Based on Frank Miller’s Graphic Novel
300 isn’t just a terrific action movie, it’s a masterful retelling of how a handful of Greeks went toe to toe with the Persian Empire in a narrow mountain pass on the shores of the Aegean more than two thousand years ago. They didn’t win. Outnumbered and in danger of being outflanked, the larger part of the army was sent home, culminating in the famous last stand by Leonidas and his tiny party of Spartans. Yet, for all that, some attribute the heroic morale generated by the Battle of Thermopylae as being instrumental towards Greece going on to win the war. Indeed, 300 is the ultimate David and Goliath story. Except for, you know, David and Goliath …
Granted, 300 does take artistic license with a few things, but that’s okay. Following history to the letter doesn’t always make the best entertainment. Just look at Braveheart. In the case of 300, the main historical inconsistency probably lies in the film title itself, as the 300 Spartans present at the battle were actually accompanied by up to 7,000 other Greeks. Heck, Herodotus, our ancient source for the battle, inflates the Persian numbers at one million when the actual figure was probably closer to two or three hundred thousand, so 300 isn’t doing anything new by embellishing. That being said, the rigorous and disciplinarian Spartan lifestyle is well depicted, including but not limited to males being bred for war from youth.
What 300 does particularly well is set the stakes so high, as indeed they were for the real defenders at Thermopylae. The audience is made to understand that the Greeks are not only fighting for their lives but for their very future as a civilization. That’s all whilst keeping tabs on a backstabbing, double-dealing politician at home who may help open the floodgates that bit sooner – the perfect sub-plot to keep things interesting.
The fighting is, of course, bloodily gratifying and everything you’d expect from a big blockbuster like 300, with the Spartans and their ‘brave amateur’ allies piling up enemy corpses in every way possible at that harrowing coastal pass. There’s nothing quite like seeing a bronzed and muscled Gerard Butler hack his way through hapless Persians en masse, making even real Spartans beam with pride in two-thousand-year-old graves. One great moment in 300 is the wall of corpses built to temporarily bar the way and crush a Persian embassy, though it’s not quite as iconic as the throwing the messenger down the pit scene.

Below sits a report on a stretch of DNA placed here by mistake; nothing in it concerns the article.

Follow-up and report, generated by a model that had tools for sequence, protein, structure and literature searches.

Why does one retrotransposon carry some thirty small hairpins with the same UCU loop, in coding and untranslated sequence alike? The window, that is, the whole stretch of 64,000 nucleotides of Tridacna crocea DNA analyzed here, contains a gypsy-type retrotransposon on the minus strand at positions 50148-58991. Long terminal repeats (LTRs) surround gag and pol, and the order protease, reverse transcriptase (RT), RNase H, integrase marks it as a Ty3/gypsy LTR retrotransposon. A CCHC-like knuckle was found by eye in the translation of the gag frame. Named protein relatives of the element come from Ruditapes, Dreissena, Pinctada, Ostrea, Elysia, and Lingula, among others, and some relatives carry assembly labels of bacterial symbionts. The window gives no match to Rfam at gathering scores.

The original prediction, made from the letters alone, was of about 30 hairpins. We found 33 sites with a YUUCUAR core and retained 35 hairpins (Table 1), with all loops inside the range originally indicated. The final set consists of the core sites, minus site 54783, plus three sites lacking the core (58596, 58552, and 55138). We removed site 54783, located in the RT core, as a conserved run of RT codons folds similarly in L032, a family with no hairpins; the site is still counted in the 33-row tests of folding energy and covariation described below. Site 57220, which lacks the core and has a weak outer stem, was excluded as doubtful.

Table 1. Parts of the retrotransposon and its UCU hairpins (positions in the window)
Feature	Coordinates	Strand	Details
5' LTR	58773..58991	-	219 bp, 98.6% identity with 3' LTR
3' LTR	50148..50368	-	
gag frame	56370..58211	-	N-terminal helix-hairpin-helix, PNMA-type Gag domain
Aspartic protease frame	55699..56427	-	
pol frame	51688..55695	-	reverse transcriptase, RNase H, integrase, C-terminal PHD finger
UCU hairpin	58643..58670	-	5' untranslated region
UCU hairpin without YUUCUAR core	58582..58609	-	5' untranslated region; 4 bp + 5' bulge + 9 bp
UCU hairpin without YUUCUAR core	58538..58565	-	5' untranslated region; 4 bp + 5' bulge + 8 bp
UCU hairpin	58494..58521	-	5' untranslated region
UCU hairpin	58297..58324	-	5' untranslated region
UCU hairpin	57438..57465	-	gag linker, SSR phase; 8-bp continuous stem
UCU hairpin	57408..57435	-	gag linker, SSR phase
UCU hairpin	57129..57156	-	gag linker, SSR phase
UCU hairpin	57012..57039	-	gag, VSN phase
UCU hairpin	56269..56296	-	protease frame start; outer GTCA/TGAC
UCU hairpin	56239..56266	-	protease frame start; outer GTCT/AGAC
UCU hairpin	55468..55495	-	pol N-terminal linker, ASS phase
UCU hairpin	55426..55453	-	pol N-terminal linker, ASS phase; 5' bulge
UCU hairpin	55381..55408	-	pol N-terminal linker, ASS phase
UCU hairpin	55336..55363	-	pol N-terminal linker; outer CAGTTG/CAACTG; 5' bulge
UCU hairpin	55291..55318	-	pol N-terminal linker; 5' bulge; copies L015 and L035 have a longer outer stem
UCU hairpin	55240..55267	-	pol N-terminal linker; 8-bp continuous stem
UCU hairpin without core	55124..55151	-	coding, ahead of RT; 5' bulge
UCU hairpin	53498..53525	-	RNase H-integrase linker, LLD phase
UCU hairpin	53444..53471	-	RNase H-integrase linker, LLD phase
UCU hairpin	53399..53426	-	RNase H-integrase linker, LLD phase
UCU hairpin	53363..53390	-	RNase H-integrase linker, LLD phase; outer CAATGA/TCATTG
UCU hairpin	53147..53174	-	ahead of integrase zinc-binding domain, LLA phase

300 also throws in some light fantasy for good measure. The Persians are not only flesh and blood warriors, but have monstrous and near-mythical creatures in their ranks, the elite Immortals not least. They are also aided by magic and the dark arts. The hunchbacked Greek who betrays the Spartans, Ephialtes, appears as a disfigured mutant or orc-like something from The Lord of the Rings. There’s even a glimpse of the Greek Oracle in all her trans-human glory. 300 could just have played it real without the fantasy, but it all adds an interesting layer on top which isn’t overdone. The very human characters and struggles remain primary, however.
It’s always a good sign when the baddest thing that can be said about a film has nothing to do with the ratings, and that’s certainly the case here. Upon its release, 300 took some flak for its alleged ‘East versus West’ theme, sparking an outcry in Iran in particular over its demon-like portrayal of their ancestors, the ancient Persians. However, to make that accusation would be to impose politics on cinema. It’s a mere coincidence that 300 released at a time of heightened U.S.-Iran tensions. The word ‘Iran’ is of course never actually mentioned, being substituted for the more antiquated and historical ‘Persia’. 300 is just telling a story where one side was clearly the aggressor. Nothing wrong with that.
One particular Spartan delivers a memorable line in response to the Persian boast that their arrows will blot out the sun. “Then we will fight in the shade.” But in spite of that quip, one thing that 300 emphatically doesn’t do is fight in the shade. Instead, its positive attributes are out there plain to see in open daylight, no two ways about it. And it’s well worth watching fifteen years on.Watch 300